ASSESSMENT OF SCIENCE TEACHERS’ CAREER SATISFACTION AND SCHOOL ORGANISATIONAL CLIMATE IN ENHANCING JOB PERFORMANCE IN RURAL LEARNING ECOLOGIES

TitleASSESSMENT OF SCIENCE TEACHERS’ CAREER SATISFACTION AND SCHOOL ORGANISATIONAL CLIMATE IN ENHANCING JOB PERFORMANCE IN RURAL LEARNING ECOLOGIES
Publication TypeJournal Article
Year of Publication2019
AuthorsFaremi, YA, Jita, LC
JournalProblems of Education in the 21st Century
Volume77
Issue2
Start Page254-269
PaginationContinuous
Date PublishedApril/2019
Type of ArticleOriginal article
ISSN1822-7864
Other NumbersE-ISSN 2538-7111
Keywordsrural learning ecologies, school organisational climate, science education, teachers’ career satisfaction, teachers’ job performance
Abstract

Science teachers' career satisfaction and organisational climate, which influence their job performances, are very important. This research examined the extent to which science teachers' career satisfaction and organisational climate are related to their job performances in rural learning ecologies. Within a survey and correlational research design of a quantitative type, 250 science teachers were selected in Ondo State, Nigeria using a purposive sampling technique. Data were collected using an adapted questionnaire on science teachers' career satisfaction, school organisational climate and job performance. Descriptive and inferential statistics were used to analyse data. The results showed that 65.2% of the science teachers in rural learning ecologies were satisfied with their careers while 34.8% were dissatisfied with their careers. It was discovered that a combination of career satisfaction and organisational climate significantly influenced their job performances. It was found that the teachers’ career satisfaction had a significant positive effect on their job performances while school organisational climate had a significant negative effect on their job performances. In light of the results, it can be concluded that science teachers' career satisfaction is the most effective significant contribution to their job performances. Further, it can be inferred that the school organisational climate does not significantly predict job performance in rural learning ecologies. To this end, results of the current research have some implications worth considering for the employers of science teachers, principals of schools and other stakeholders in creating a healthy school organisational climate and demonstrate good leadership behaviour in order to achieve improvement in the job performance of science teachers in rural learning ecologies.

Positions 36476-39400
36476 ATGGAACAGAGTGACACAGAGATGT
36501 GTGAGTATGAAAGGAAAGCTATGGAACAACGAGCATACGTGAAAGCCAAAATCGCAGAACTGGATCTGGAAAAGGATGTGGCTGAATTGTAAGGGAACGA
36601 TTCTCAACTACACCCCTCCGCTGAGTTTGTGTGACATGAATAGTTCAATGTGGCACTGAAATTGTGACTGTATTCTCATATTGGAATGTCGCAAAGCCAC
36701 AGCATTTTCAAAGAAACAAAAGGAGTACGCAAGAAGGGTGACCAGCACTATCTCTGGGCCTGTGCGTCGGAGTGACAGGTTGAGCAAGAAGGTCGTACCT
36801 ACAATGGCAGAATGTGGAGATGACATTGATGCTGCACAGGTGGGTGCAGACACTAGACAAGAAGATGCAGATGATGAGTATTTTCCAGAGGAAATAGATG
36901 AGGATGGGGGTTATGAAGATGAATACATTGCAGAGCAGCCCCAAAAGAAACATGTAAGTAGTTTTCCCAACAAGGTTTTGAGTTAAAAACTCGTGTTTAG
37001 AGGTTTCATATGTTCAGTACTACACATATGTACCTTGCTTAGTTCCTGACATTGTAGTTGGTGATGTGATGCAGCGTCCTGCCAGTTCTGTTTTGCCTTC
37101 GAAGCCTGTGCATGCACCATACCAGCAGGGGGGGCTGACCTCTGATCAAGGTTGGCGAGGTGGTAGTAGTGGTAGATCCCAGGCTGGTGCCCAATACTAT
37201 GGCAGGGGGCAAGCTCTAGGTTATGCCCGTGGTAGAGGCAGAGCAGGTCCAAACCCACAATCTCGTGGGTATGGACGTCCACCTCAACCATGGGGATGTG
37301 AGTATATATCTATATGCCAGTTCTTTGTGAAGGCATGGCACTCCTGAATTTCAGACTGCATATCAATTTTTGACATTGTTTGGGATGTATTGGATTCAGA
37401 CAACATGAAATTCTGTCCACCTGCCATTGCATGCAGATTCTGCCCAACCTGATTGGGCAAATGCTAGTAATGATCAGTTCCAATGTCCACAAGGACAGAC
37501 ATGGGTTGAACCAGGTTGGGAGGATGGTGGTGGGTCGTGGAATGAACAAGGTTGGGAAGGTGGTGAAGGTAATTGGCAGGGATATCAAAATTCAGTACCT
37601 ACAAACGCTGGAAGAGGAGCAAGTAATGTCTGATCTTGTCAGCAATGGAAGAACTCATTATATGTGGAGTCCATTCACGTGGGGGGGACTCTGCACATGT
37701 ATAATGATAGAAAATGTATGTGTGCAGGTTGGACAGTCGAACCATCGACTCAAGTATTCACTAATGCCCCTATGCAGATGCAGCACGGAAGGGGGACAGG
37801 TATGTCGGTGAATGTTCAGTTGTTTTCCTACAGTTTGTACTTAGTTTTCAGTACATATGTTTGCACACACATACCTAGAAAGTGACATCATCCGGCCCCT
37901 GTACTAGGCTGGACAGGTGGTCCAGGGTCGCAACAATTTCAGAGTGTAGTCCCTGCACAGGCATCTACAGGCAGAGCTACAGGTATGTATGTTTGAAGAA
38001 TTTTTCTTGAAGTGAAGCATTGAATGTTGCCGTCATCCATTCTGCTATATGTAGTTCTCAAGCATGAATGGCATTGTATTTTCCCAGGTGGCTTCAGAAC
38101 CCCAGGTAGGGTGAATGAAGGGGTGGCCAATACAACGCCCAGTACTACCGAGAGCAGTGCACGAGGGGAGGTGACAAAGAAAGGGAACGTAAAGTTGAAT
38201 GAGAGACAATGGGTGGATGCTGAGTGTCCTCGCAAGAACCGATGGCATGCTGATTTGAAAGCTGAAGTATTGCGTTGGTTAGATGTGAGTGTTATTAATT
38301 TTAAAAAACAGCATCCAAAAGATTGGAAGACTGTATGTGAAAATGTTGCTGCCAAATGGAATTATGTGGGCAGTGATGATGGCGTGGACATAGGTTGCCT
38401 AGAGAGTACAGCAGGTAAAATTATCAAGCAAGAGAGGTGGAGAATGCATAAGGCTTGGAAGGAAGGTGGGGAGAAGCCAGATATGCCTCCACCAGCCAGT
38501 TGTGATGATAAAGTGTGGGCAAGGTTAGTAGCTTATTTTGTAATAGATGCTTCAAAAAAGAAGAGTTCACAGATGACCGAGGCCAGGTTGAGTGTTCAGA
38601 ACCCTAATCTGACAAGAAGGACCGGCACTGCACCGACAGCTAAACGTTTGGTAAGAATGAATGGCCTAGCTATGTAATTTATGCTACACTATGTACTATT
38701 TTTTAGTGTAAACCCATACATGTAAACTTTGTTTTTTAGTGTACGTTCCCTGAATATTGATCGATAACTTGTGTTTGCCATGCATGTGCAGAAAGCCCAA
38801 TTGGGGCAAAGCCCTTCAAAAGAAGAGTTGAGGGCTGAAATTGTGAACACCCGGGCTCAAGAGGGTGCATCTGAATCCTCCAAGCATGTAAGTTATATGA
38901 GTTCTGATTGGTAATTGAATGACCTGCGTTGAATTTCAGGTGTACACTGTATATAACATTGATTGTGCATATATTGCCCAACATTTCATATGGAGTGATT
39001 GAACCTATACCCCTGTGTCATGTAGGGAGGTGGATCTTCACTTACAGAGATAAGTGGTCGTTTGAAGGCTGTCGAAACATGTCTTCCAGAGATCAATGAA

URLhttp://oaji.net/articles/2019/457-1556863871.pdf
DOI10.33225/pec/19.77.254
Refereed DesignationRefereed
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